I agree with the positives, but there are a number of issues that trouble me. First off, I think people are becoming less, rather than more reflective – happily sharing private information that either directly, negatively impacts their lives or alternatively bores people to death. And current technology doesn’t give you the ability or time to build and demonstrate your complete persona online. You have to show just parts of it – your Twitter profile is a few lines, not the length of War and Peace, meaning that by default you need to focus different social networks on particular traits or areas of your life. So, for now at least I’ll stick to partitioning my public and private life – to avoid embarrassment if nothing else.
- Where’s the best place for Innovation? (measuresconsulting.wordpress.com)
- Privacy worries? Google shouldn’t be your biggest fear (zdnet.com)
Would you write down and leave your personal details in a public place where you knew they could easily be found? Excepting prostitutes putting their calling cards in phone boxes the answer for most of us would be a resounding no.
But in the online world we simply don’t apply the same levels of care. People sign up to a whole range of services that promise to connect us and make our lives easier by sharing our details with our friends. Often the default setting is privacy-unfriendly – with few people bothering/knowing how to change it.
That’s why the news that Facebook is retreating on its plans to share user addresses and phone numbers with external sites is not a road to Damascus moment for the social media behemoth. Most information sharing, on Facebook and plenty of other sites is still opt-out rather than opt-in, meaning what you did last holiday in Ibiza is easy enough for the world to see, now and forever.
All conversations/transactions are about giving away some privacy for a reward – whether a discount on your shopping from loyalty cards or simply making life easier by handing over your email address. However as digital channels take over we need to make it easier for people to protect their information online with defined, agreed industry standards that everyone understands. Otherwise the internet essentially becomes a Soho phone box – but with our intimate details on the calling card.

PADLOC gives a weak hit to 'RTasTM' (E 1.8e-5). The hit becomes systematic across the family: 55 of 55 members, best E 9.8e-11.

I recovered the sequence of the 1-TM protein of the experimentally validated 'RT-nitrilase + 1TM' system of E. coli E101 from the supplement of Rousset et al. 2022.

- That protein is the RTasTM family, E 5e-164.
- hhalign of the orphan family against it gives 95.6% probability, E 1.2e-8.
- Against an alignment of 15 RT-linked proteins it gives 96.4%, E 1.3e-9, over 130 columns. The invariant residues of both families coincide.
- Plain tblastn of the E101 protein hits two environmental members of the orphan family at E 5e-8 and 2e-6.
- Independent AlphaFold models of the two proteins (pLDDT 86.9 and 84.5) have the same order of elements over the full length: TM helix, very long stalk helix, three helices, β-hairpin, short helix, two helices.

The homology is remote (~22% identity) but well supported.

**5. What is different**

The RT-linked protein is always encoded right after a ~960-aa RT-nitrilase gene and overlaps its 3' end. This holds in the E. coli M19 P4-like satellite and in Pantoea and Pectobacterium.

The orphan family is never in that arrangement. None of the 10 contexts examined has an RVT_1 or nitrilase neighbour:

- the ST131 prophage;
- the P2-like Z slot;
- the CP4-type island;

- Facebook Gives Apps Your Phone Number And Address, No Opt Out (zdnet.com)
- Facebook wants to share your contact details (bigbrotherwatch.org.uk)
- Facebook Halts Phone & Address Sharing (For Now) (mashable.com)
- Facebook U-turns on data sharing (bbc.co.uk)
- Facebook & Identity: The Continued Push Toward Becoming Your One True Login (readwriteweb.com)
Why Revolutionary Measures?
Marketing is undergoing a revolution. The advent of social media provides the opportunity for one-to-one communication for the first time since the move to an industrial society. This blog will look at what this means for B2B PR and marketing, incorporating my own thoughts/rants and interests. Do let me know your feedback!
About meI'm Chris Measures and I've spent the last 18 years creating and implementing PR and marketing campaigns for technology companies. I've worked with everyone from large quoted companies to fast growth start-ups, giving me unrivalled experience and ideas. I'm now director of Measures Consulting, an agency that uses this expertise to deliver PR and marketing success for technology businesses.